Creating accessible digital products is essential to ensure that everyone can access and use them. The Web Content Accessibility Guidelines (WCAG) and Accessible Rich Internet Applications (ARIA) provide a comprehensive set of guidelines for creating accessible digital products, but it’s up to the product manager to prioritize those guidelines and ensure that they are implemented. Here are a few essential accessibility features and standards to consider:
WCAG is a globally recognized standard that outlines guidelines and success criteria for creating accessible digital products. It covers a wide range of accessibility barriers, from low contrast to missing alt descriptions and poor keyboard navigation. The guidelines provide a framework for addressing these barriers in product design, development, and content creation.
WCAG is divided into three levels of conformance: A, AA, and AAA. Conformance to level AA is the minimum requirement for most websites and digital products. However, striving for level AAA conformance can provide even greater accessibility for users with disabilities.
WCAG is regularly updated to ensure that it remains relevant and effective. The current version, WCAG 2.1, was published in 2018 and includes new success criteria to address mobile accessibility, cognitive disabilities, and low vision.
ARIA is a set of attributes that Web developers can add to HTML to make it more accessible to people with disabilities, especially those using screen readers. ARIA provides additional information about the structure and functionality of web content, which can improve the user experience for people with disabilities.
Understanding the basics of ARIA attributes and how they can be used is key for product managers who are responsible for accessibility compliance. ARIA can be used to enhance the accessibility of complex web controls, such as menus, sliders, and tab panels.
Mobile apps are a burgeoning area for accessibility. As more and more people use mobile devices to access digital content, it’s essential to ensure that mobile apps are accessible to everyone.
Ensuring mobile app accessibility is a matter of verifying your product fits within operating system (OS) accessibility standards, such as Android Accessibility Suite (AAS) for Android or VoiceOver for iOS, and making sure you're conforming to guidelines within your platform and accessible development best practices.
Mobile app accessibility considerations include providing alternative text for images, ensuring that touch targets are large enough to be easily activated, and providing clear and concise instructions for completing tasks.
By prioritizing accessibility features and standards, product managers can ensure that their digital products are accessible to everyone, regardless of their abilities.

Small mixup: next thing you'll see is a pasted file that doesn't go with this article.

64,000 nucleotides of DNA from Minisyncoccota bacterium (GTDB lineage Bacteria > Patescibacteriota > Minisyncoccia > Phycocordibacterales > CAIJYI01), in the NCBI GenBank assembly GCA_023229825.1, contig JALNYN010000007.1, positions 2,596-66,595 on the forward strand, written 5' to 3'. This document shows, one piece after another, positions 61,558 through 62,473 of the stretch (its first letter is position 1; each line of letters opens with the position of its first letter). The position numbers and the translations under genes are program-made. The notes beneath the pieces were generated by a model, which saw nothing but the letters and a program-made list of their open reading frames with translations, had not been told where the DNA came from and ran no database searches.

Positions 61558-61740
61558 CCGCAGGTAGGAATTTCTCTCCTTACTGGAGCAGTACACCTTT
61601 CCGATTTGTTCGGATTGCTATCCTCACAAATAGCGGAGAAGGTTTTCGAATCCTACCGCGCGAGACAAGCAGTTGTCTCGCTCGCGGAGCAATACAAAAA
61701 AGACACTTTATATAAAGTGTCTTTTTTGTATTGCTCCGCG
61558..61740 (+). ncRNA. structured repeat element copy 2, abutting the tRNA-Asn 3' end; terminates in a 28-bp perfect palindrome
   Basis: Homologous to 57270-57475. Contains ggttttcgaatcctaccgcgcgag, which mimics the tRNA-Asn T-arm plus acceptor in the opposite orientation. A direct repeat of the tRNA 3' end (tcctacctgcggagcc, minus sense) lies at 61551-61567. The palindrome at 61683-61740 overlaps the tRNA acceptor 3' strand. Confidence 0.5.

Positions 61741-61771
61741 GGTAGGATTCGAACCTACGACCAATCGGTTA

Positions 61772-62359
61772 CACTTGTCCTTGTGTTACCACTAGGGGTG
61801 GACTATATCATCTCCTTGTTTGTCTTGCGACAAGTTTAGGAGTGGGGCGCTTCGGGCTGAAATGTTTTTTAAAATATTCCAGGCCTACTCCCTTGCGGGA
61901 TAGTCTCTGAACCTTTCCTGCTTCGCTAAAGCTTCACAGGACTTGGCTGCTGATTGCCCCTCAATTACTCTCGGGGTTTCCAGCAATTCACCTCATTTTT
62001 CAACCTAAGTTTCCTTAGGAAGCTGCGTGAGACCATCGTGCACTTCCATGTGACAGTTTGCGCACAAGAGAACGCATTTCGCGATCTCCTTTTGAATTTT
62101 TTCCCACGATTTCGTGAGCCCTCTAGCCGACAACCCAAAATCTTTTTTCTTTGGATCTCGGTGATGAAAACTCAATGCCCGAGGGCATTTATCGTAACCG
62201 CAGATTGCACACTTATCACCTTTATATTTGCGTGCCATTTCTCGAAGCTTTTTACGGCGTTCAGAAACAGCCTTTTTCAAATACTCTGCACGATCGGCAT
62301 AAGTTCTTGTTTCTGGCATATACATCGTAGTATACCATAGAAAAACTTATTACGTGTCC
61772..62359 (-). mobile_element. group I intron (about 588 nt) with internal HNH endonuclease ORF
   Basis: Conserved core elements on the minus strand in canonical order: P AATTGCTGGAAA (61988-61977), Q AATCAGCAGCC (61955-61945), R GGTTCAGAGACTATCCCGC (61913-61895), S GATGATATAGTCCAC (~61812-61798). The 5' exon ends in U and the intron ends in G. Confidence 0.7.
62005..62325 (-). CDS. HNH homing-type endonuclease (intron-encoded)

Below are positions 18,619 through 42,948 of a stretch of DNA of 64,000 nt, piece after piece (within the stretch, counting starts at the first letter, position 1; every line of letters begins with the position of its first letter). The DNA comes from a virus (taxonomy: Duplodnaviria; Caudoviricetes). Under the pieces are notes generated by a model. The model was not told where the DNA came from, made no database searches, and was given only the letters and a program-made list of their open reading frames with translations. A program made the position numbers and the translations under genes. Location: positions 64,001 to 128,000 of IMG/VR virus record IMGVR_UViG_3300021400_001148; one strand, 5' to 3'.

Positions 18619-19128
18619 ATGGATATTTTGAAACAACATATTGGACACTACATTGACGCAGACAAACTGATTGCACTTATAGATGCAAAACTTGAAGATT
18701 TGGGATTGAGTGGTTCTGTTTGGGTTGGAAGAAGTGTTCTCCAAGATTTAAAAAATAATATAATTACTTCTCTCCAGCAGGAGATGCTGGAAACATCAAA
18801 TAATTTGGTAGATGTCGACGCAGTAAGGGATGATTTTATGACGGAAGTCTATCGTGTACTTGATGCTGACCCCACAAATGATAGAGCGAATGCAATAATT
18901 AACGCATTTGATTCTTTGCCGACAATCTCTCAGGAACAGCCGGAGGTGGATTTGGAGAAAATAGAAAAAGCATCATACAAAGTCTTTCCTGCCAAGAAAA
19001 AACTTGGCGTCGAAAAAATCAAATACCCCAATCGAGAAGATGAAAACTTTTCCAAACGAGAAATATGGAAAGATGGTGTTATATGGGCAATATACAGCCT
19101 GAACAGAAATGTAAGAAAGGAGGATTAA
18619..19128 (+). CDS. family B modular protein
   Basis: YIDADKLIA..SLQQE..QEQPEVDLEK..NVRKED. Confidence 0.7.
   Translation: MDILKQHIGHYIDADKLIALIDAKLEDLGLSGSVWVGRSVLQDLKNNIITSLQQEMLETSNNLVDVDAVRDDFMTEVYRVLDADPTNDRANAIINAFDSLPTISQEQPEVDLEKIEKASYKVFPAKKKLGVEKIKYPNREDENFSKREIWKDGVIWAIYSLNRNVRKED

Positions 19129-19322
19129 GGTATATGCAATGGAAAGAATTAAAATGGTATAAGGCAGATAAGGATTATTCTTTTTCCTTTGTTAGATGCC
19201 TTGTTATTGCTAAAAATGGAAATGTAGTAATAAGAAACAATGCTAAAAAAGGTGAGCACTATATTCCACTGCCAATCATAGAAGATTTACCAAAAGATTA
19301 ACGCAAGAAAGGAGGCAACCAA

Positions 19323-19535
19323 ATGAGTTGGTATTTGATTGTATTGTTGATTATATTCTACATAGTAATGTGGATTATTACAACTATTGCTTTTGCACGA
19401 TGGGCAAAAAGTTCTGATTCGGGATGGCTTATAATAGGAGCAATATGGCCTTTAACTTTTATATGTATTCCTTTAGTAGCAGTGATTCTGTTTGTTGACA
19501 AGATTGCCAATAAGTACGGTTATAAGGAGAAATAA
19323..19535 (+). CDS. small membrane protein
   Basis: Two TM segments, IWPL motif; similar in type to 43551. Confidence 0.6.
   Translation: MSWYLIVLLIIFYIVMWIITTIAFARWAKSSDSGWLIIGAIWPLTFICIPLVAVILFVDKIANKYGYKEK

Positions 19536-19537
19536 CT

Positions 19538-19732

Accessibility is not just a buzzword in product development, it’s a crucial aspect that should be integrated into every stage of the process. By doing so, product managers can ensure that their products are usable and accessible to everyone, including those with disabilities.
Product managers should consider accessibility from the very beginning of the product design process. Creating accessible design guidelines is a great way to ensure that accessibility is built-in from the start. These guidelines can help designers create interfaces that are easy to navigate, with clear and concise language, and that are easy to use with assistive technology.
Screen reader technology is a great tool for reviewing interface components and ensuring that they are accessible to everyone. By checking designs against WCAG guidelines, product managers can ensure that their products meet industry standards for accessibility.
Developers play a crucial role in ensuring that products are accessible. Product managers should work closely with developers to ensure that coding standards follow accessible development best practices. Developers should understand how to use tools and code snippets to ensure accessibility compliance.
Implementing an accessibility checklist into the code review process can help enforce accessibility development standards. This can include things like ensuring that images have alt text, that form fields are labeled correctly, and that color is not the only means of conveying information.
Once accessibility features are implemented, they need to be tested to ensure that they are working as intended. Accessibility testing should be done on a regular basis and should involve a combination of manual and automated testing.
User testing with assistive technology users from different backgrounds, using different platforms and operating systems, can help you identify real-world issues faster. This can include testing with users who are blind or have low vision, users who are deaf or hard of hearing, and users with mobility impairments.
By implementing these strategies, product managers can ensure that accessibility is integrated into every stage of the product development process, resulting in products that are usable and accessible to everyone.
Product accessibility compliance should be a priority for all product managers. Not only is it morally and ethically essential, but it’s also vital for business success. By setting accessibility targets, measuring KPIs, and ensuring that accessibility is integrated into the development process from start to finish, product managers can create products that are truly inclusive for all users. Standards like WCAG and ARIA can provide guidance, but it’s up to the product manager to ensure the product is accessible and usable by everyone who wants to experience it.